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The group behind both fixed and mobile WiMax flavors offers a chunk of very technical details about mobile WiMax’s characteristics: This is the first of two parts, providing a huge amount of extremely technical detail about how signals will be encoded, provisioned, and propagated, including quality of service (QoS) tagging. There’s some interesting detail in how frequency and time diversity in the use of OFDMA—an encoding method that divides a spectrum band into narrow sub-carriers—can allow many simultaneous users to have a high degree of reliable provisioned service that’s designed to minimize interface. In Wi-Fi, all devices use the entire range of frequencies while transmitting; with mobile WiMax, there will be dynamic sub-carrier and time slot assignments.
The second part of this report will compare cellular technology with mobile WiMax.
The Tsunami MP.16 system uses the common 3.5 GHz licensed band in Europe, Asia: The company says the product is in trials with nine firms in two continents. This band is not yet sorted out for use in the U.S., but is widely expected to lead licensed fixed WiMax deployments in Europe. The product is in queue for certification.
Superb Wired News article addresses the present and future of WiMax: Joanna Glasner expertly distinguishes the kinds of WiMax coming to market in a way that mainstream business reporters have proved incapable while she still keeps the technology comprehensible to a broad audience. The article has some very reasonable quotes from cell phone technology inventor Marty Cooper, who has made broader statements in the past about Wi-Fi and WiMax.
Glasner notes one of the biggest current drawbacks to fixed WiMax, which is that most of the companies who are early out of the gate are startups, and thus have little track record (although often great executive and engineering pedigrees), and have new, unproven equipment.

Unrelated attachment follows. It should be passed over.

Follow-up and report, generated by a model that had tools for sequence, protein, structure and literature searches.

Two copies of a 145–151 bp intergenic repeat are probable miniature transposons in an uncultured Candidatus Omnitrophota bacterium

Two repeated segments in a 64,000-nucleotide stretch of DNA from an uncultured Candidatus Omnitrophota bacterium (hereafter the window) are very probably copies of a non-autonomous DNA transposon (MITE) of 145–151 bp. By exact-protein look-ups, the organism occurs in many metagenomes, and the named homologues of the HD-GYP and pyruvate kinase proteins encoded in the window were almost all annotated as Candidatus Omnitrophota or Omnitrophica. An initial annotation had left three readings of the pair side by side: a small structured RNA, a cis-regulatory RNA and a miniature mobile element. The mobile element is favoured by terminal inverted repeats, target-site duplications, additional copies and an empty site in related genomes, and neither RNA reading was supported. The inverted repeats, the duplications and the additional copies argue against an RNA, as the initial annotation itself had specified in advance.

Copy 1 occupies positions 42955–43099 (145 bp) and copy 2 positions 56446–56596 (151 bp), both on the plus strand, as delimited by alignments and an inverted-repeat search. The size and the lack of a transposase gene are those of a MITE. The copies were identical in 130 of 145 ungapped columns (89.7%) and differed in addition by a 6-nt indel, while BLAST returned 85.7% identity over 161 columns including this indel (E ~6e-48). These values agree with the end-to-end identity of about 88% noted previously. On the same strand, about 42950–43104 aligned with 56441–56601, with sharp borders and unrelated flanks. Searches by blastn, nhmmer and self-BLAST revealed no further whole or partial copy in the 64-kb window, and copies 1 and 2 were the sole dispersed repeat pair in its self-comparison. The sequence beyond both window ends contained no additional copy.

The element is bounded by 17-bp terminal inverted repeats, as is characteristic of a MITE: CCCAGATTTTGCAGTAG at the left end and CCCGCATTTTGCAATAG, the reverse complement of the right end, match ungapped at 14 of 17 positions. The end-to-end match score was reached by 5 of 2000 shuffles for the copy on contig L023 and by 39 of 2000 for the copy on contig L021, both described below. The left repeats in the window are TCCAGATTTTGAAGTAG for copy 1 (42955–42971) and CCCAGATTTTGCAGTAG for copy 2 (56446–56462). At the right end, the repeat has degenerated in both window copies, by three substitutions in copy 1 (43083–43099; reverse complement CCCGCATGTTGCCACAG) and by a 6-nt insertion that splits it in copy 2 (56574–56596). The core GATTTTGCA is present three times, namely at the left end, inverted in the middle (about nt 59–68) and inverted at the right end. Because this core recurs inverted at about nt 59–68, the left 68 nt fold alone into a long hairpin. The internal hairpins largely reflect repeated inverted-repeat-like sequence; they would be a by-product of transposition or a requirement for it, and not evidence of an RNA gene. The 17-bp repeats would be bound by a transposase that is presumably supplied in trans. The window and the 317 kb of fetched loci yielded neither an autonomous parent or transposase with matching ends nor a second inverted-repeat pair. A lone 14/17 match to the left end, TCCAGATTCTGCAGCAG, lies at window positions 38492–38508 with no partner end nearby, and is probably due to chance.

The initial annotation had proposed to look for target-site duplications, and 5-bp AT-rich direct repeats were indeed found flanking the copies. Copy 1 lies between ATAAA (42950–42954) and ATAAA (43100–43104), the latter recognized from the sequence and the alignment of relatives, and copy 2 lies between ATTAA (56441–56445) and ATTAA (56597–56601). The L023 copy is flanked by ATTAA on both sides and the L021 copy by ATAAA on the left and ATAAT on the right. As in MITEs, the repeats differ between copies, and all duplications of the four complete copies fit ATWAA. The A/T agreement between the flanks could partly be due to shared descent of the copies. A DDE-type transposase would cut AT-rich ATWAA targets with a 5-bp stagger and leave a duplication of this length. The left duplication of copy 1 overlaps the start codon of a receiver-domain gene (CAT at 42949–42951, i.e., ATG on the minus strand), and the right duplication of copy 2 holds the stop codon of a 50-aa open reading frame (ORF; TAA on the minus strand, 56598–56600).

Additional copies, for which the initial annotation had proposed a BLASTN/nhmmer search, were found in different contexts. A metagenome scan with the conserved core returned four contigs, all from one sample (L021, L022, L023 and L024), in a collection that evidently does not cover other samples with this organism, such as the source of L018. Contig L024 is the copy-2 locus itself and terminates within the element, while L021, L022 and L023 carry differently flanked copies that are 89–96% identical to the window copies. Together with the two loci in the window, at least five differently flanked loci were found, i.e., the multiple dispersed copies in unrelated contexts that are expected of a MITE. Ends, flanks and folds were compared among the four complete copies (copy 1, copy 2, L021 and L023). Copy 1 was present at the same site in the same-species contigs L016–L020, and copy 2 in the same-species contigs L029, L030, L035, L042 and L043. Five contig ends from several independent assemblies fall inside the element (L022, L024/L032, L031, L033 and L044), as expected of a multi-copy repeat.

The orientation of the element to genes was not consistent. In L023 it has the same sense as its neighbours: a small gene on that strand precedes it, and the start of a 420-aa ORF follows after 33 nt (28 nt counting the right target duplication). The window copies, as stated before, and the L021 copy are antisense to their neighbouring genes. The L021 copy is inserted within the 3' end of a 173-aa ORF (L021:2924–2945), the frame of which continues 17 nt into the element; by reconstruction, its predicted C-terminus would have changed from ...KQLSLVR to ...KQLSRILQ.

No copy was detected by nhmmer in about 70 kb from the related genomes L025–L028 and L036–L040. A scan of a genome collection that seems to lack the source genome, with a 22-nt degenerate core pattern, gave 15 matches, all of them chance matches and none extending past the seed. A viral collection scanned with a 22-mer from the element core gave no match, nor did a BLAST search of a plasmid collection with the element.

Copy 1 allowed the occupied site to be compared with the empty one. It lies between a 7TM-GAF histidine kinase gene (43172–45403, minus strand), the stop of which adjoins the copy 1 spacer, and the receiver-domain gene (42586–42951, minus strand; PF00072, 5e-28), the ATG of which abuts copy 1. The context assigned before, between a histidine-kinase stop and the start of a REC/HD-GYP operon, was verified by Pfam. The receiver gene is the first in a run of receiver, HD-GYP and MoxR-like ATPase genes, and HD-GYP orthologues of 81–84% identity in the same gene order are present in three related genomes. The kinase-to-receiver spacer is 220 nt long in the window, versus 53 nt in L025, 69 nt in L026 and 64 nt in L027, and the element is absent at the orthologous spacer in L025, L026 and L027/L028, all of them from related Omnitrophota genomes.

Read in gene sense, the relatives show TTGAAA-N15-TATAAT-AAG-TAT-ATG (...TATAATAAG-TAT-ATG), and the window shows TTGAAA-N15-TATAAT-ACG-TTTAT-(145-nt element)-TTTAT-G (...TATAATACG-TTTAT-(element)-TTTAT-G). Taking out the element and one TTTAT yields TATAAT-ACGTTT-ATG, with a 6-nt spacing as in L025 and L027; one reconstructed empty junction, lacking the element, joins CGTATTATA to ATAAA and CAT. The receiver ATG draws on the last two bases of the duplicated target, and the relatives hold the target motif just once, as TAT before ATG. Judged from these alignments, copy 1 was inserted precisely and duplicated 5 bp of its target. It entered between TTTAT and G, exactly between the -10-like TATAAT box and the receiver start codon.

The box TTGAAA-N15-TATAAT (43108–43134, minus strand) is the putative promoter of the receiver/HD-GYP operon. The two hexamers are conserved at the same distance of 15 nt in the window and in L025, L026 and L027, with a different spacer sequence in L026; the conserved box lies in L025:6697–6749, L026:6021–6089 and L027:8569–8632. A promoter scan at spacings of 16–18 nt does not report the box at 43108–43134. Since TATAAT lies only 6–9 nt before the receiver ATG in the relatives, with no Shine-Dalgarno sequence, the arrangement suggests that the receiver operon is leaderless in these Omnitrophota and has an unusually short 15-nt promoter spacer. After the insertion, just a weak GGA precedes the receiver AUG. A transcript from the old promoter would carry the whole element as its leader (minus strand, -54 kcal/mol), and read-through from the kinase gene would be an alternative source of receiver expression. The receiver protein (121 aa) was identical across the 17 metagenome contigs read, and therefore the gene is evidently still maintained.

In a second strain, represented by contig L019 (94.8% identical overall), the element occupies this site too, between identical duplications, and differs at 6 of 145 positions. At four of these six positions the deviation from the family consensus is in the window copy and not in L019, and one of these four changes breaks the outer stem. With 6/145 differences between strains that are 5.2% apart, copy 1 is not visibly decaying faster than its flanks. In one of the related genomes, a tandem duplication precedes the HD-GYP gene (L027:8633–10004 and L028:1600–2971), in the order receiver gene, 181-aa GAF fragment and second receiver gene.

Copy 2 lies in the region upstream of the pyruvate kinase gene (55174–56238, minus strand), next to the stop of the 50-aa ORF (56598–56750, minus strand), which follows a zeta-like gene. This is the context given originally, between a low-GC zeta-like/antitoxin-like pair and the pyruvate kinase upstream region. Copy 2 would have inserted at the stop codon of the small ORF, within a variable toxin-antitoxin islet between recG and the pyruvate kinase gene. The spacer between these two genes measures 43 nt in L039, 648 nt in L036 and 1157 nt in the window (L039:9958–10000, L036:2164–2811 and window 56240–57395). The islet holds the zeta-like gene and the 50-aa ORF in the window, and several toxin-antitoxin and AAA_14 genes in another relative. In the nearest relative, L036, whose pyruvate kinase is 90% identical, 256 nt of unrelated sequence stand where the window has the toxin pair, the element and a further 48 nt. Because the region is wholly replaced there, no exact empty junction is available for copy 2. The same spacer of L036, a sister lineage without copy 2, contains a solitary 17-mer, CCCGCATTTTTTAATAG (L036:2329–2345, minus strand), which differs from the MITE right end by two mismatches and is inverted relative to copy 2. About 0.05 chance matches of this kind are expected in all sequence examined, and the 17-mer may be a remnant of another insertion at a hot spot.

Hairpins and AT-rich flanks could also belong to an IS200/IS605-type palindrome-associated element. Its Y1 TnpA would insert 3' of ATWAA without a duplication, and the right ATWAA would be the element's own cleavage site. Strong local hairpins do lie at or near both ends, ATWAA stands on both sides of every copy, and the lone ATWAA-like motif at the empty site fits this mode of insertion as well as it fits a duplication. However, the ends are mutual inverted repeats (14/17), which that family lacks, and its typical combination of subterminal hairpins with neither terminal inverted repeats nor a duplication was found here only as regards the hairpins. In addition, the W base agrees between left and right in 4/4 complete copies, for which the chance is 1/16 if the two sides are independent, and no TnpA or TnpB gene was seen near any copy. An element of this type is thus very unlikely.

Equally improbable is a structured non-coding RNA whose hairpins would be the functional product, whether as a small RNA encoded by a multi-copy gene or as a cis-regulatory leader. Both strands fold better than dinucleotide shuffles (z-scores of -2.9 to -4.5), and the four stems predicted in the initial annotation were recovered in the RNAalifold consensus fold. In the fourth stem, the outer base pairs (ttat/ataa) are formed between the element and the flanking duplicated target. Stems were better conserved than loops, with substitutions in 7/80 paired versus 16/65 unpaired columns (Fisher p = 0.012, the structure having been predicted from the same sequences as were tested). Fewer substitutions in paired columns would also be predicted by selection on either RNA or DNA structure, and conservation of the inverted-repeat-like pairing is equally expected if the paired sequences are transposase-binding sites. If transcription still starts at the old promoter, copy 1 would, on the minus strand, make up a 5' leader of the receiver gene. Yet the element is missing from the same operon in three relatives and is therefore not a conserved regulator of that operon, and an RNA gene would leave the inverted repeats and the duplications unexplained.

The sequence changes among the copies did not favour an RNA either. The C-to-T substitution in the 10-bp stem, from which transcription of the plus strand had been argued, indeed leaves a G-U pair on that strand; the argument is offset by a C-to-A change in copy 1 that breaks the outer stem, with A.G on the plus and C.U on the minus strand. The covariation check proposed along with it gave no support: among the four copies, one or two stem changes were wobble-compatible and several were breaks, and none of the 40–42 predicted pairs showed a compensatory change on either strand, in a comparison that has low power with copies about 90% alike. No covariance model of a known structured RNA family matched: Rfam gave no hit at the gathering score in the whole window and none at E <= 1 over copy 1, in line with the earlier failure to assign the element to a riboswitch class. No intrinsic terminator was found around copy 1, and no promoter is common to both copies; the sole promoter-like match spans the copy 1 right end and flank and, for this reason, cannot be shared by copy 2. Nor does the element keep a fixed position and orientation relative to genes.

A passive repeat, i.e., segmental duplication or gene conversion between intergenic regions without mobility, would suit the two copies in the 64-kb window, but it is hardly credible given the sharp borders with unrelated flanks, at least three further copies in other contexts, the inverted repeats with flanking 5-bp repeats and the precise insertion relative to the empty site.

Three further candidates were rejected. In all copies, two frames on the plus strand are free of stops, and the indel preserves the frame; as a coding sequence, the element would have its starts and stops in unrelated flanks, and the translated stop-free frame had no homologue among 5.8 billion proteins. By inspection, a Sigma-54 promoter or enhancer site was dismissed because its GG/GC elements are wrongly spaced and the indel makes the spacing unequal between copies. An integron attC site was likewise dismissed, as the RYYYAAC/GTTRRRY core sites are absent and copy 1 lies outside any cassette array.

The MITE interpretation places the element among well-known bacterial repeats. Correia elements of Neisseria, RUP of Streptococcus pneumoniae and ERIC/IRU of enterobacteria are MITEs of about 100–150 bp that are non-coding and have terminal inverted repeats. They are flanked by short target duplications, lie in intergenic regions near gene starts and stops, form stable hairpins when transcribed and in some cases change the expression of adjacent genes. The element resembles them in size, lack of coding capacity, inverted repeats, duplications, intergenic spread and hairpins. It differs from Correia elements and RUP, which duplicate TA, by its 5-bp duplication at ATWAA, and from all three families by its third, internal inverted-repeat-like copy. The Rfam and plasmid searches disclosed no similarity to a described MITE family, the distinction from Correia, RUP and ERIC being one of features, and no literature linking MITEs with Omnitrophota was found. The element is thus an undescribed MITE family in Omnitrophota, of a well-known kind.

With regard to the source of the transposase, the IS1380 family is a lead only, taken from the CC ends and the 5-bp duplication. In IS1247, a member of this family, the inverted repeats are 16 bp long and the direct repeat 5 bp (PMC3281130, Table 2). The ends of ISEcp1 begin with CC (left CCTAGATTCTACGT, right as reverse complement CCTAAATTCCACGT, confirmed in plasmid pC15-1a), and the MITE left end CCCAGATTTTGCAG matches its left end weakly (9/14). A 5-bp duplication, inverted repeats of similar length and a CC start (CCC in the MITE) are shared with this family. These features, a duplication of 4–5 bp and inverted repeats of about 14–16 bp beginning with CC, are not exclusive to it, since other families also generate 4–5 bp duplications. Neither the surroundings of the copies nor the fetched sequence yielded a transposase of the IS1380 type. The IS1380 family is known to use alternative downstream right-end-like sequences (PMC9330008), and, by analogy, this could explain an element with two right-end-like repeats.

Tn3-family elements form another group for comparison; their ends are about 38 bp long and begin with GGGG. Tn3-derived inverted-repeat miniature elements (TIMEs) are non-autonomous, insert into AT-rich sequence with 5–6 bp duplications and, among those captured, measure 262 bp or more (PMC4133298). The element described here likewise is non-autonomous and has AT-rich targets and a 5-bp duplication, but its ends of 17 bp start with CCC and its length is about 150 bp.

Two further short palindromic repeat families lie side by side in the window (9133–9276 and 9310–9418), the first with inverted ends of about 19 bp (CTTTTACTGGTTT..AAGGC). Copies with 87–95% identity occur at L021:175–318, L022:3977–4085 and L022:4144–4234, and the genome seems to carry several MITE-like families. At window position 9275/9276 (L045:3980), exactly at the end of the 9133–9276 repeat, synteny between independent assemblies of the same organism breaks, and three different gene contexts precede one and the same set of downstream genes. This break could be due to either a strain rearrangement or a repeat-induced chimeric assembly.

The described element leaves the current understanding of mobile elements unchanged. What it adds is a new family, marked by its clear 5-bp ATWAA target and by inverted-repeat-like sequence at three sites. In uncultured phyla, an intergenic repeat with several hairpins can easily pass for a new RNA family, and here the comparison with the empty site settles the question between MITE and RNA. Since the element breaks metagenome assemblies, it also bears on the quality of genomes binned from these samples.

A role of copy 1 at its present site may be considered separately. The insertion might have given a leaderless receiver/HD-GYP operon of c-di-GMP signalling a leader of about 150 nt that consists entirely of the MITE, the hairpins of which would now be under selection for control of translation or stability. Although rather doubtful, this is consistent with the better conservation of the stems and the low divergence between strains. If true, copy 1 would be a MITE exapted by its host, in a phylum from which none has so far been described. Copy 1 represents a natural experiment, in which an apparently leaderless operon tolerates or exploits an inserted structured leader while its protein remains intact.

Now, I’ve asked a question of every startup that’s tried to explain to me over the last few years how carriers will buy their equipment: Tell me why carriers will purchase something from you when they typically require multiple bidders with interoperable devices? I get hemming and hawing and descriptions of potential deals, and then those companies disappear or change market segments.
The city considers single mobile WiMax base station in late 2007: Folsom has 7,000 Intel workers, and instead of adding municipal Wi-Fi, might put up a mobile WiMax base station that could provide a basic level of service across the town. I don’t know that one would do it; that seems awfully optimistic regardless of technology and what occurs between now and late 2007. However, they will conduct a feasibility study. With Intel in town, one might expect some subsidization or support, too, as an early testbed.
Part of the plan is to offer service that’s clearly not competitive with wired broadband, but rather focuses entirely on a level of service appropriate for mobile users.
The article doesn’t differentiate between fixed WiMax, well on the way to full certification and deployed extensively in early forms, and mobile WiMax, which has had limited pre-standards deployments outside the U.S., notably in the form known as WiBro in South Korea. Mobile WiMax won’t have the same range and speed as fixed, but it will work in licensed bands and require less infrastructure than Wi-Fi for the same coverage.